Wide gaps remain as Putin and Poroshenko discuss Ukraine crisis

The two presidents, feeling pressure on both sides of the Ukrainian-Russian border, met on the sidelines of a regional summit today in Minsk.

Sergei Bondarenko/Kazakh Presidential Press Service/Pool/AP
Russian President Vladimir Putin (l.) shakes hands with Ukrainian President Petro Poroshenko as Kazakh President Nursultan Nazarbayev (c.) looks on, prior to their talks after after posing for a photo in Minsk, Belarus, today.

There was a tense handshake and a suggestion of future talks. But Vladimir Putin and Petro Poroshenko's one-on-one face-off across a bargaining table in Minsk on Tuesday produced no deal to resolve the steadily worsening situation in Ukraine.

The Minsk meeting was originally intended as a venue for the Moscow-led Eurasian Customs Union, the European Union, and Ukraine to hash out their economic differences after Kiev opted to sign an association agreement with the EU. In a lengthy speech at the meeting, Mr. Putin warned that Ukraine will have to forgo its previous trade preferences with the Customs Union and accept that Moscow will erect tariff barriers against the expected flood of duty-free EU produce into Ukraine.

"Of course, Russia cannot [sit still] in this situation. I would like to stress that we would be forced to reciprocate, to protect our market," he said.

Most attention was focused on the first ever bilateral meeting between Putin and Poroshenko, and the hope that the two might somehow find an acceptable formula for ending the deepening hostility between their countries.

But two sharply divergent paths to peace were on display. Putin argued, as Russia has since the crisis began, that only a negotiated political dialog between Kiev and the restive regions of eastern Ukraine can end the fighting.

"We are convinced that today, [the Ukraine crisis] cannot be solved by further escalation of the military scenario without taking into account vital interests of the southeastern regions of the country and without a peaceful dialogue with its representatives," Putin said.

Mr. Poroshenko said he still hopes to achieve peace through his own plan, announced in June, which would involve the rebels laying down their arms and accepting safe passage out of the conflict zone.

He argued, as Kiev has from the start, that the main source of unrest in eastern Ukraine is Russian interference. "The prime condition for a stabilization of the situation in Donbass is the establishment of effective control over the Russian-Ukrainian border. It is vital to do everything to stop deliveries of equipment and arms to the fighters," Poroshenko said.

Fighting has intensified in recent days, with pro-Russian rebels claiming big gains in a military breakout from the Ukrainian Army's siege of their main capital, Donetsk. But they also may have undermined any chance of a negotiated solution between Putin and Poroshenko by flatly rejecting Moscow's key demand that the crisis be settled by Kiev granting substantial autonomy, or "federalization," to its restive eastern regions. On Tuesday, the prime minister of the self-proclaimed Donetsk People's Republic, Alexander Zakharchenko, told journalists that only complete independence from Ukraine will satisfy the rebels now.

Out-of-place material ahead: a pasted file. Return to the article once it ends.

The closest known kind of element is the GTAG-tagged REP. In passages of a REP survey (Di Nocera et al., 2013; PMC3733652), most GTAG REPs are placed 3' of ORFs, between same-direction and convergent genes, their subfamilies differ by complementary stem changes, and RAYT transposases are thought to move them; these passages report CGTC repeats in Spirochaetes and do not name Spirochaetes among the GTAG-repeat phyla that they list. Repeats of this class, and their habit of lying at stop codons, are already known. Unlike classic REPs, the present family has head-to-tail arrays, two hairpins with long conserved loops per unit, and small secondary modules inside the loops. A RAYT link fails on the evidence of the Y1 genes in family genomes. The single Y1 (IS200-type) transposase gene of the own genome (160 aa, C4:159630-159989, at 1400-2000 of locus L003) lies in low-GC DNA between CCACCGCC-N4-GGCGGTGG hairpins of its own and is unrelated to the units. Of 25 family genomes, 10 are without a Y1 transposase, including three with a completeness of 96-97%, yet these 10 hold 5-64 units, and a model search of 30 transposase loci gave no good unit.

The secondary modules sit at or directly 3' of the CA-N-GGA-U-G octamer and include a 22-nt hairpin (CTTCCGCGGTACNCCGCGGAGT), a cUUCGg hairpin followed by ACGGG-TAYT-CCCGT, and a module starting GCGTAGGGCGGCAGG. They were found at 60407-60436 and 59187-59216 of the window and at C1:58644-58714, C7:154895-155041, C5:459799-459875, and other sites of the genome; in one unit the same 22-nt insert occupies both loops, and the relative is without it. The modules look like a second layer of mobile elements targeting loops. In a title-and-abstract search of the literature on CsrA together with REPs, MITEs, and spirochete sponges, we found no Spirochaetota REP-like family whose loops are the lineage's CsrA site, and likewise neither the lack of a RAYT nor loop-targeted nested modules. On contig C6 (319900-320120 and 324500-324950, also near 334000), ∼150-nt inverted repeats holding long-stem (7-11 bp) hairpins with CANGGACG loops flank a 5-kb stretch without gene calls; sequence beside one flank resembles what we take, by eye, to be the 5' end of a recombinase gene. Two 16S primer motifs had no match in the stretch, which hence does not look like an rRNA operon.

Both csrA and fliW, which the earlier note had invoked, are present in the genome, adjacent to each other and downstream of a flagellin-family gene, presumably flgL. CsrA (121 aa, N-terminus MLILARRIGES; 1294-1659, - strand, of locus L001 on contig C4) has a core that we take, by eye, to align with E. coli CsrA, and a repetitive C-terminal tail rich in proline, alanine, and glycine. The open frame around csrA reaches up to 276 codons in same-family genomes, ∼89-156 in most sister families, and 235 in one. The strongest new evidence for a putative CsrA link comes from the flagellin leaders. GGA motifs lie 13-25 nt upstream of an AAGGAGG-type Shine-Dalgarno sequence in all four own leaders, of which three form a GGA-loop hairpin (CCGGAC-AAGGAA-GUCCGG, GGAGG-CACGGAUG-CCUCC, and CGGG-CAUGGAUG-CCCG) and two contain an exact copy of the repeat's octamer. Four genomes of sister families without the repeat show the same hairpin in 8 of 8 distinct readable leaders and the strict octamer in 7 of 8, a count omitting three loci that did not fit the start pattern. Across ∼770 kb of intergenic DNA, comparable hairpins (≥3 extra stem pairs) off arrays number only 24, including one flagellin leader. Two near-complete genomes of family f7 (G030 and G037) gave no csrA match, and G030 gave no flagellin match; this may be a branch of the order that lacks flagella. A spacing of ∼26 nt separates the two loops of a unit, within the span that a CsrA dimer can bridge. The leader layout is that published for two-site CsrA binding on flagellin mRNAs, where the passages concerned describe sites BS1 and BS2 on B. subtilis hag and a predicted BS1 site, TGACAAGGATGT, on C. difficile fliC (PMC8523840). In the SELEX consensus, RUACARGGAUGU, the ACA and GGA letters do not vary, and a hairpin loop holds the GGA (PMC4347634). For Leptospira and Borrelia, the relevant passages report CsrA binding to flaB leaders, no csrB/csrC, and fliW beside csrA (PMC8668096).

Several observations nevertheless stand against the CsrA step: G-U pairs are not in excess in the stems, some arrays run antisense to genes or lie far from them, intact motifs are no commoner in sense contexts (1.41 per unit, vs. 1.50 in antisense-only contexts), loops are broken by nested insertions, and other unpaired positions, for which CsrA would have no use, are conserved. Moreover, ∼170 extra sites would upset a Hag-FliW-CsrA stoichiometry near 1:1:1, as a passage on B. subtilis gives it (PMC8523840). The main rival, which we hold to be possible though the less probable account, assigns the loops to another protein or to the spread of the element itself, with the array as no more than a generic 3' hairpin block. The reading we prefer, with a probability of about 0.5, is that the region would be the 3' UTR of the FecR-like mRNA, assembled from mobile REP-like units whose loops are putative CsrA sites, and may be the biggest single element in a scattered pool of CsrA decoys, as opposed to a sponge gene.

"Of course, negotiations may get underway and some kind of armistice may be achieved, but it will be fragile and not real. Novorossiya [the two rebel republics of Donetsk and Luhansk] no longer agrees not only to federalization, but to the preservation of Ukraine as such," the official ITAR-Tass news agency quoted Mr. Zakharchenko as saying.

Moscow has taken several steps in recent weeks that appear to be an attempt to set the stage for a negotiated settlement. They include replacing the former Russian leaders of the insurrection with local Ukrainians, inviting observers from the Organization for Security and Cooperation in Europe to monitor some checkpoints on the Russian-Ukrainian border, and trying to change the conversation to the unfolding humanitarian crisis in war-torn eastern Ukraine by sending in convoys of essential supplies to the stricken population.

"It's clear by now that Russia wants a deal that will bring this to a suitable end. It's gone too far, and Putin is looking quite nervous about all the damage that's been done to Russia-Western relations and even the total rupture of Russia's traditional ties with Ukraine," says Sergei Strokan, foreign affairs columnist with the Moscow daily Kommersant.

Poroshenko may also be ready to deal, given that a military victory against the rebels continues to elude Ukraine's army, parliamentary elections are looming, and the costs of protracted war in the east are beginning to tell heavily on Ukraine's staggering economy.

The EU, particularly Germany, has also stepped up efforts to encourage a diplomatic end to the war in recent days. Angela Merkel visited Kiev last weekend and pressed Poroshenko to declare a ceasefire and embrace some degree of decentralization for Ukraine's eastern regions as a precondition for peace.

"I think the meeting between Putin and Poroshenko is a good start, but nobody should be celebrating just yet," says Vladimir Zharikhin, deputy director of the Kremlin-funded Institute of the Commonwealth of Independent States in Moscow. "Things have gone too far, and nobody is ready for the kind of compromises that are going to be needed."

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